Charting path in tough times

Despite recession, economic chief still bullish on Md.

March 29, 2009|By Gus G. Sentementes | Gus G. Sentementes,

Maryland's unemployment rate is creeping higher, though still trailing the national average. The state's struggling with a budget deficit, and many agencies, including the Department of Business and Economic Development, face sharp funding cuts.

Yet Christian S. Johansson, the agency's new secretary, is bullish about Maryland's position in the recession. The 36-year-old Harvard MBA was tapped by Gov. Martin O'Malley in January to lead the agency,

He knows that past governors have typically chosen DBED leaders with more experience, but Johansson said he believes he'll be judged more on the results he can deliver to businesses and workers across Maryland. "That's ultimately what's going to matter," Johansson said.

In a recent interview, he ticked off a steady stream of the state's current strengths and selling points - top scientific and information technology talent, easy access to other major East Coast markets and the federal government as a major customer.

He has four main priorities: restore business confidence; build more ties to Maryland's existing businesses; help companies market to the federal government; and quickly distribute federal funding that Maryland receives from the American Recovery and Reinvestment Act, enacted in February.

Since marketing funds are virtually nonexistent, Johansson said he and his staff are exploring cost-effective ways of getting their message out, which could include use of free online social media tools such as Facebook and Twitter.

"There's a lot of new technology that, frankly, the state hasn't been cutting-edge on using. We want to know how to use it and how to best deliver our message," Johansson said.

With so much bad news coming out of states across the country, Maryland is faring better than most, he said. The state's unemployment rate was 6.7 percent in February, a 17-year high, and more than 200,000 workers were actively seeking work last month. The national rate was 7.6 percent in January and 8.1 percent last month.

Johansson said Maryland businesses have been adding jobs even as many have been shedding them. And by 2011, tens of thousands of federal jobs are expected to be relocated to Harford and Anne Arundel counties as part of the Base Realignment and Closure Act . The influx of jobs and new federal ventures will mean more potential economic stimulus - and growing pains - for significant portions of the state.

Johansson is hoping the state legislature doesn't cut too deeply into DBED's proposed budget. This year, DBED operated on a $125 million budget, and O'Malley submitted a $100 million budget to legislators.

The Baltimore Sun recently spoke with Johansson about how he will lead DBED.

Whatever the legislature decides DBED's funding to be, it sounds like you're going to be running a leaner DBED.

The governor put out a budget, obviously which we stand behind and support. But the legislature does have the power to cut. And, you know, we hope they use that power to cut wisely. Because the progress that we're talking about has a direct impact on jobs. ... A lot of people don't know that we do bonding for small businesses, we do revolving loan funds for small businesses, we do direct equity investment programs. We have training programs for small businesses.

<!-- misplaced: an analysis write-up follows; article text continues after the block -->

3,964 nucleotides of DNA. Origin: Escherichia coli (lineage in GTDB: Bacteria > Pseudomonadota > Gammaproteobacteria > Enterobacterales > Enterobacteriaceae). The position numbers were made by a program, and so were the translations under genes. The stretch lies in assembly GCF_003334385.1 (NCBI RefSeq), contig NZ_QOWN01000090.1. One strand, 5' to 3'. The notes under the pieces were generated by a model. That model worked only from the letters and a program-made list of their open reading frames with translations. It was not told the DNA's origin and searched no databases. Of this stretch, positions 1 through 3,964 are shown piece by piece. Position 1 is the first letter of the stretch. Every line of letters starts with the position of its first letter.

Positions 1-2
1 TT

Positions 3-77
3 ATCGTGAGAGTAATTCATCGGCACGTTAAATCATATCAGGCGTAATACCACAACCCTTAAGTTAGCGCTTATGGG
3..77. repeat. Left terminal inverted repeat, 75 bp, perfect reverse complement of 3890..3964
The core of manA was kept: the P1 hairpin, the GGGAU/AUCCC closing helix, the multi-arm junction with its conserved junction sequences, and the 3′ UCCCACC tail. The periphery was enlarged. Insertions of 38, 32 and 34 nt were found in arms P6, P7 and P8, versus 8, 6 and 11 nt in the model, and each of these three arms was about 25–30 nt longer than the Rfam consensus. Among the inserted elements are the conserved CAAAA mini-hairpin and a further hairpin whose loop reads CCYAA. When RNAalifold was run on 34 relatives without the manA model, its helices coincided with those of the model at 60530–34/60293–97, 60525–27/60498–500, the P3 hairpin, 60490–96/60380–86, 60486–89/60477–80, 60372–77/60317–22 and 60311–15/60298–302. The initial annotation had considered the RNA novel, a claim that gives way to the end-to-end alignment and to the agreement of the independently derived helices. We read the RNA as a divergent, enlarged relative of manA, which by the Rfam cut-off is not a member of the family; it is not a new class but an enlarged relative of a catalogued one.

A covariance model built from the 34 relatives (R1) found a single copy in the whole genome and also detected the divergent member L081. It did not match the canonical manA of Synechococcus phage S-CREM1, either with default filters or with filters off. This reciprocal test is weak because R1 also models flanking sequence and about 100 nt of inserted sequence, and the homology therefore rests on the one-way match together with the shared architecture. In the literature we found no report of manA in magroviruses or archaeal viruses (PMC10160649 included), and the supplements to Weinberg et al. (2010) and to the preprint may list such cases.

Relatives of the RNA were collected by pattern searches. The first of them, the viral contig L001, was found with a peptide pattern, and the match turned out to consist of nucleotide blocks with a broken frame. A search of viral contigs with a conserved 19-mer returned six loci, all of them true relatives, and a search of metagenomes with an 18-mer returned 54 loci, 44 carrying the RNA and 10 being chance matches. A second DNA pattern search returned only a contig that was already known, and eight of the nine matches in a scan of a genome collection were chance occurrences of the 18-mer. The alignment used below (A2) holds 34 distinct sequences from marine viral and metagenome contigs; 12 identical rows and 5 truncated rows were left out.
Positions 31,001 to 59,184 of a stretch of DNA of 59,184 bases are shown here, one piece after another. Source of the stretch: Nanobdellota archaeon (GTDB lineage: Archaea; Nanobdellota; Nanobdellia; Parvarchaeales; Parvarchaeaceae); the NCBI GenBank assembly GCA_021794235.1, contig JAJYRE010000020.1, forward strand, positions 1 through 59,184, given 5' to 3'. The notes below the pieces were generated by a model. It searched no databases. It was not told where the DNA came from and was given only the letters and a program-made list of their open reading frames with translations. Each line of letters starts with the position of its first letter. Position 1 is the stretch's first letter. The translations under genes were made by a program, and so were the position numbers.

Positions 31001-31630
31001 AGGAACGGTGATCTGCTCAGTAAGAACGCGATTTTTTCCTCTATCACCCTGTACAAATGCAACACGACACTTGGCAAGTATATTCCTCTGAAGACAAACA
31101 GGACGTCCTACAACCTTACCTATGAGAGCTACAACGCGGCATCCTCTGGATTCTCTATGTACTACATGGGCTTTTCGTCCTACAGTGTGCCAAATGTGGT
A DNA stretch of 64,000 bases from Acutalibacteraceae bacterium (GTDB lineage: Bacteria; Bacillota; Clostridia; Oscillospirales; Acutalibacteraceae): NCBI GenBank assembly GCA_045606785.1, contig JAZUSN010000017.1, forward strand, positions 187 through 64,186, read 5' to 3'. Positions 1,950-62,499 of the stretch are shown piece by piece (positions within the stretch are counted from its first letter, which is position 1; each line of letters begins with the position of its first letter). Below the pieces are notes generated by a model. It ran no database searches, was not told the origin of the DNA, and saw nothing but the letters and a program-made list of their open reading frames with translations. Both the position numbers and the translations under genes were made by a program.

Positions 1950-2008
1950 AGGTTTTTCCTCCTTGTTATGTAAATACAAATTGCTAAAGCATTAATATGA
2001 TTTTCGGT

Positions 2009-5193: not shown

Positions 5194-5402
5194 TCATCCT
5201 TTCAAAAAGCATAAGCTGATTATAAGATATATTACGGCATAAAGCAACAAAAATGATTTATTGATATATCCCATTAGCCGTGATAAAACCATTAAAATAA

That's all part of that (approximately) $100 million budget?

This is all part of our budget. I think the first reaction to DBED is often that this is about providing financing for larger businesses. That's not the case. The majority of the economy in Maryland, the majority of jobs that are created, are created by small and midsize businesses. It's something the governor has been extremely committed to. And our programs reflect that.

One of the interesting points [a recent Economic Alliance of Baltimore] report made is that it saw the major ties with the federal government as both a positive and, in some ways, a thing that could be holding industry back. The question is why, with so much intellectual capital in the Washington-Baltimore area, aren't we more like Silicon Valley or Boston? What's your take?

What you're seeing here is, yes, we're dominated still by government in terms of IT. But the other IT businesses that we have here, my guess is that a large percentage of them sprung from government and a lot of the talent came from folks who ... have transitioned over to the private side. ... It's not that complicated.

As a rule, you play to your competitive advantages. We have the world's largest customer sitting in our backyard. Any business that isn't trying to sell to them, if they're located here, is probably not realizing their full potential, in terms of opportunities.

It has been reported that the recession and the credit crunch has slowed the growth of the biotechnology park in East Baltimore. What's going on?

Big Pharma, in the short term, is going to be cutting back on space and a number of areas of investment. In the long term, health care, and next-generation solutions for health care, continues to be one of the bright spots globally. Bio and life sciences are a long-term investment.

christian s. johansson

Age: 36

Current position: Secretary of the Maryland Department of Business and Economic Development

Experience: President of the Economic Alliance of Greater Baltimore, managing director of Continental Equity, senior consultant for Sag Harbor Group

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